Discussion in 'Grape Growing & Vineyard Forum' started by vinividivici, Aug 17, 2010.
Well, I planted both this year so I guess I'll see how they compare.
I love Petite Pearl. But it, along with Crimson Pearl had a lot of die back last winter up around these parts. It seems that Verona survived better than all the others.
Have Marquette, Petite Pearl, F. Blanc, F. Gris and Frontenac up here in Montana's Flathead Valley and all survived last year's winter. They did however look pretty sad this spring so had my fingers crossed but all did well and are now full of clusters
130, four and five year old vines including Marquette, Petite Pearl, Sabrevois, Foch, Prairie Star, Petite Ami, and Frontenac Blanc, 45 minutes east of Minneapolis. Frontenac Blanc was the only one to leaf out this year. Seems to be a common theme in this area. I'm actually surprised the Blanc seems to have made it through on multiple vineyards. It would have been an easier decision if everything had died back. Not sure if I have the ambition to start from the ground again. It was interesting while it lasted.
For you guys up north who had severe dieback. Did you have a really cold winter or something bazaar to cause this?
I am down way south in NM but at 6500ft EL and Marquette seems to be turning a corner on me now that it has slowly (like 10 years now) gotten established. I have volcanic/thin/low organic soil so I have to water pretty heavily and add nutrients during the hot summer months but on the flip side I have basically zero disease pressure.
Wow - sorry to hear that. What caused the demise of your vines?
Minnesota had extended periods of minus 40 degrees actual temperatures. For those reading this in months or years to come, note that Verona seemed to be unphased by the low temperatures. I think the potential catch with Verona is how far North it will ripen properly. I like it horticulturally much better that Petite Pearl. The bunches are larger, it seems to have a more orderly growth habit.
Yep - guess that will do it. We had some lengthy 20-30 below in February and thought my vines would bite the dust but they all survived quite well
If I recall, we had two notable temperature extremes - one in November with bitter cold and another later in the winter. Having deep freezes at the beginning and end of winter is particularly problematic because cold hardiness develops over months. The vines are not cold hardy down to -30 temps at the beginning of winter. They reach that slowly and then, as the winter warms up, their low temp hardiness limit tends to rise. They reach their maximum hardiness in January, typically.
Here's an article about grape hardiness:
FYI - there was also a recent article about cold winter damage masking trunk diseases.
When I was contemplating what varieties to plant, one of the places I visited was Shelburne Vineyard. Ethan there had the following to say about Verona:
"As for Verona, it isn't my personal preference...susceptible to Phomopsis, large leaves, big berries, thin skinned that may be prone to cracking/splitting, late to ripen."
But, if it actually produces fruit, isn't that a plus?
Regarding the following quote associated with Shelburne Vineyard. As for Verona, it isn't my personal preference...susceptible to Phomopsis, large leaves, big berries, thin skinned that may be prone to cracking/splitting, late to ripen." I visited the Shelburne Vineyard website and noted that they do not grow Verona. I haven't heard or seen these criticisms elsewhere. This is the first year that there will be a general harvest of the Verona, so I would take this criticism attributed to an employee named Ethan with a grain of salt. I have seen no disease appear in my vines whatsoever, with two seasons of high rainfall. Late to ripen, as a problem, has to do with ones latitude, so it wouldn't be a problem for many. I state these defenses on behalf of the breeders who have spent years bring this new variety to the marketplace. Were Shelburne Vineyards producers of Verona, any comments attributed to them would be much more noteworthy.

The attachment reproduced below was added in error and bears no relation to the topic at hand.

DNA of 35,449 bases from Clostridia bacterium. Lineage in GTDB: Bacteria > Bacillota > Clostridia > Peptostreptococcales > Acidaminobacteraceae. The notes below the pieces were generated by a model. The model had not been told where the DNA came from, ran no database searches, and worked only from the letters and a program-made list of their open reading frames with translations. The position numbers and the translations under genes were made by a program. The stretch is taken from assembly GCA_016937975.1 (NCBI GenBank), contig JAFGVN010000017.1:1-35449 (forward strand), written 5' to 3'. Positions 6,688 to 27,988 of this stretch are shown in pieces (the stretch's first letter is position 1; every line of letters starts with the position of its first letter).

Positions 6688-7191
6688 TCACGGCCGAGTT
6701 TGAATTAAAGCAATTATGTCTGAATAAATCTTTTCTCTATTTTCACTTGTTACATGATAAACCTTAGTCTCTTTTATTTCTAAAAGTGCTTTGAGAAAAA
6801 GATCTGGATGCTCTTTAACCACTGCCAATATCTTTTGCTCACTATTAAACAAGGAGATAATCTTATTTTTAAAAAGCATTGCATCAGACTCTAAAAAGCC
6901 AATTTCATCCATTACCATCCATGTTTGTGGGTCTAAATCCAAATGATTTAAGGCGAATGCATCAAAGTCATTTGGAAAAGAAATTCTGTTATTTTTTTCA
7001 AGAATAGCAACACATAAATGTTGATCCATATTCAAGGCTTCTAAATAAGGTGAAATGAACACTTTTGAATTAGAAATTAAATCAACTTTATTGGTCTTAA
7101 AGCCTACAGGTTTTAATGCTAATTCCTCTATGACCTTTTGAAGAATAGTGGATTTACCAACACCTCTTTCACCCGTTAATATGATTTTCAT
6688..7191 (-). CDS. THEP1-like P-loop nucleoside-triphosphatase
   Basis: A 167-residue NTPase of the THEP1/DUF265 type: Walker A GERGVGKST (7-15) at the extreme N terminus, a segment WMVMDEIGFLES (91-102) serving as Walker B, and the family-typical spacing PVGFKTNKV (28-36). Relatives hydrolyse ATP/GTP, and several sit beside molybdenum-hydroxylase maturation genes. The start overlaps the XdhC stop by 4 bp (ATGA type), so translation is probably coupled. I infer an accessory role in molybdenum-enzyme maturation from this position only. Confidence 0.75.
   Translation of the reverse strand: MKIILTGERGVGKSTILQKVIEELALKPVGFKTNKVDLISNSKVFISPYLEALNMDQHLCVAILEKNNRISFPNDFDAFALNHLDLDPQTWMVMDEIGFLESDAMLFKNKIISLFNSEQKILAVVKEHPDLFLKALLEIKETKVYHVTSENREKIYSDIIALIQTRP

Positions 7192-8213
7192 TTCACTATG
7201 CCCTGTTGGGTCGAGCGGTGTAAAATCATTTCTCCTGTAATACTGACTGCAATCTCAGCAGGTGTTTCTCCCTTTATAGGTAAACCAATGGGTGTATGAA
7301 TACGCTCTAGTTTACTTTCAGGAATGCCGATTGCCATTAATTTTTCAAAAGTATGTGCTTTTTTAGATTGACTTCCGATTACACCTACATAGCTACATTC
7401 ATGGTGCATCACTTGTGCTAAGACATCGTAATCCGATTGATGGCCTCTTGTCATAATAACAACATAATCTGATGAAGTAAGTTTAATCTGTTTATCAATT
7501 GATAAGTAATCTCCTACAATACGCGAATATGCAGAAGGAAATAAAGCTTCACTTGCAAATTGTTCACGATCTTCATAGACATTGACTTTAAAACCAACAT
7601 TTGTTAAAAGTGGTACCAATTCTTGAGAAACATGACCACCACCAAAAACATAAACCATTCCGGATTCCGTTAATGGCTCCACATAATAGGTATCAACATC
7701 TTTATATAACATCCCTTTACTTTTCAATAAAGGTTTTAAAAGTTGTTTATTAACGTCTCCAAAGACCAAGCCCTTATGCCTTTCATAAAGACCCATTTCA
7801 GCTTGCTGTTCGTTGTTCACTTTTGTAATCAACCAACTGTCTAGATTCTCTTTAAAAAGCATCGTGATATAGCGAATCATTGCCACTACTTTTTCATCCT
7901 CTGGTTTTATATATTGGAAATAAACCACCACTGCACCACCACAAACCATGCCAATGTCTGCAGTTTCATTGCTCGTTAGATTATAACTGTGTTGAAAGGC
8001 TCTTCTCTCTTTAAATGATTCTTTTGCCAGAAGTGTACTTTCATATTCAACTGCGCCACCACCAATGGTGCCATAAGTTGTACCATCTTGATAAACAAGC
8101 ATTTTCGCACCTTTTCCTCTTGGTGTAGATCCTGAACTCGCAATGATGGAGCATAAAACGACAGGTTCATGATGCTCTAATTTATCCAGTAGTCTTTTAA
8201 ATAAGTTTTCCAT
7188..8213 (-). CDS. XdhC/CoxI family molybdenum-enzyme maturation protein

Marquette has made the best red wine I can grow in Indiana. Unfortunately last year we were on vacation when the Japanese beetles hit and they completely defoliated the vines in under a week. They never really recovered, and then in the winter we got a weekend with 2 consecutive -13F nights. I have no cover or protection for my vineyard. I had to cut them all back to the ground and 6 of 30 are trying to come back. I will replant them next year.
I am truly intrigued by Petite Pearl from what I read here. I was going to expand past my current 16 Oberlin Noir as that wine is pretty good as well but I can't find the stock anymore. My Marachel Foch got decimated as well and after a decade of not making a truly decent wine with that I think I'll replace with Petite Pearl and give that a go.
As an aside, it is REALLY depressing to go into a 100 vine vineyard you have slaved over for 13 years with a chainsaw and cut 80 of them to the ground....
I feel your pain. After seven years, I've never harvested a single grape from 350 vines.
WHAT???? Holy crap. As someone who just planted, that's terrifying. What's the story?
I'm not completely sure. It may be the heavy clay subsoil in this area or salinity. But the vines in the lower spots actually seem to grow better than the higher spots, so pooling of salts doesn't make sense. They never got established well and have pretty much died down to the ground every year, even in the mild winters.
Marquette's are pretty hardy grapes. my take on this is that the heavy clay soil is probably the culprit. where does salinity come from? Have you had the soil tested?
Separate names with a comma.